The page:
Recently, More than 500 acres of redwood forest land in California has been returned to the Native American tribes. In the earlier times, the land was known as Andersonia West. Generations ago, the ancestors of the Native American Tribes were forced to leave the forest by European colonists. It’s hard to think about the scattered stumps of redwoods throughout the forest. But there are still 200 acres of redwoods in the forest that survived the logging.

 

According to Save the redwoods, “By the end of the 1950s, only about 10 percent of the original two-million-acre redwood range remained untouched.” Redwoods are now facing several threats from human-induced climate change, land development, and burl poaching.

 

Later, the land was purchased by a conservation group called Save the Redwoods League in San Francisco. Then the league announced that the land is now donated to the InterTribal Sinkyone Wilderness Council. There are 10 Northern California tribal nations included in the Sinkyone Council. The council includes the Cahto Tribe of Laytonville Rancheria, the Pinoleville Pomo Nation, and the Round Valley Indian Tribes.

A redwood forest in California has been permanently returned to its Indigenous tribes
A redwood forest in California has been permanently returned to its Indigenous tribes

After the ownership was transferred to the council, the Sinkyone people have the power to modify the land by adding more redwoods. They have the power to reclaim and rename the land because the land is now the property of the Sinkyone people.

 

As part of the agreement, The land will now be called Tc’ih-Léh-Dûñ (pronounced tsih-ih-LEY-duhn) which means “Fish Run Place”. “Renaming the property Tc’ih-Léh-Dûñ lets people know that it’s a sacred place; it’s a place for our Native people. It lets them know that there was a language and that there was a people who lived there long before now,” said Crista Ray, the Sinkyone Council board member, and tribal citizen.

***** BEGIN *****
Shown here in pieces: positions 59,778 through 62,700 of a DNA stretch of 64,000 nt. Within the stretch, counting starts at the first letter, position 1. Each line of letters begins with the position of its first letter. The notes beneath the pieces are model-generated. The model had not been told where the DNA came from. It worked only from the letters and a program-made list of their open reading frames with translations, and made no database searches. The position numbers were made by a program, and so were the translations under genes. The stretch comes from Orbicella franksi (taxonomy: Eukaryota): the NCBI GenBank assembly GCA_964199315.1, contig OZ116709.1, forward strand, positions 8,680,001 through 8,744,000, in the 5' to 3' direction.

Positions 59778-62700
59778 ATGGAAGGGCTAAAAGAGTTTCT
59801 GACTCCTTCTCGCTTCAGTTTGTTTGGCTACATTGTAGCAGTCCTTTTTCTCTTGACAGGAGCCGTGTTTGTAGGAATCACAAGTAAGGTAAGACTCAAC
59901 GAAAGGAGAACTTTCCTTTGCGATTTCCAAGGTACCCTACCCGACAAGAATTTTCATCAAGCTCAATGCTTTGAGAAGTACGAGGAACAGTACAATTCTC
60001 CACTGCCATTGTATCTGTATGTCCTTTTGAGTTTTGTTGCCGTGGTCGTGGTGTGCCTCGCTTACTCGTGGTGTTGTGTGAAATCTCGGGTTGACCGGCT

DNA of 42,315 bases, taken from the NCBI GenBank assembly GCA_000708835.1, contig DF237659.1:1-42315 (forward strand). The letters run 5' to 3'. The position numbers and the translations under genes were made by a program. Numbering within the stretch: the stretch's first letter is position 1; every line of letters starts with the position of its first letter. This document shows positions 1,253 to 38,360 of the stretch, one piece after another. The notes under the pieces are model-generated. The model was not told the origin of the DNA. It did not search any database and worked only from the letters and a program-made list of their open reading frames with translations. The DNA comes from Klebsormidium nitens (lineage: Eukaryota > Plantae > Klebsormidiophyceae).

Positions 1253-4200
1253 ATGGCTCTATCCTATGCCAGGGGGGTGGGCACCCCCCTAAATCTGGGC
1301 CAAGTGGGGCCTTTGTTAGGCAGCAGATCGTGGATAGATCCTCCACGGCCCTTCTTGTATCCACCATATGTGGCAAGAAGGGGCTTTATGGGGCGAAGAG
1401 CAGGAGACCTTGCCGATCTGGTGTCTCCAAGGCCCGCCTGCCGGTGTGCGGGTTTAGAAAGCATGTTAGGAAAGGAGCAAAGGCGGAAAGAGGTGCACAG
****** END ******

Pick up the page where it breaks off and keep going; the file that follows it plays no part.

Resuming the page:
According to the league president and CEO Sam Hodder, Tc’ih-Léh-Dûñ has been reunited with “the original stewards of this land.” Soon, the InterTribal Sinkyone Wilderness Council will partner with the nonprofit organization, Save the Redwoods League. Now onwards, they will protect the forestland and all its wildlife.

 

Buffie Schmidt, tribal citizen and vice-chairperson of the Sherwood Valley Rancheria of Pomo Indians said “Today I stand on the shoulders of giants, my ancestors … to bring them honor, and to not let our old ways be forgotten, for our next generation, my children, my grandchildren and all the kids that I’ll never get to see.”

“Our ancestors are still here, they’re still around us. As I listen to the wind, I feel like my ancestors — who I’ve never even known in my lifetime — are here and happy that we call this place something that they’re familiar with: Tc’ih-Léh-Dûñ.”

Save the Redwoods League
Save the Redwoods

Save the Redwoods League purchased the Tc’ih-Léh-Dûñ for $3.55 million in 2020. The Tc’ih-Léh-Dûñ is known for its majestic and impressive ancient redwoods and the land consists of several endangered species such as coho salmon, steelhead trout, marbled murrelets, and northern spotted owls. Now they’re protected by the league and the council.

 

We believe the best way to permanently protect and heal this land is through tribal stewardship. In this process, we have an opportunity to restore balance in the ecosystem and in the communities connected to it, while also accelerating the pace and scale of conserving California’s iconic redwood forests,” said Hodder.

Previously, the Save the Redwoods League donated a 164-acre Four Corners property which is located north of Tc’ih-Léh-Dûñ. Now, This is the second time Save the Redwoods League has donated land to the council.

 

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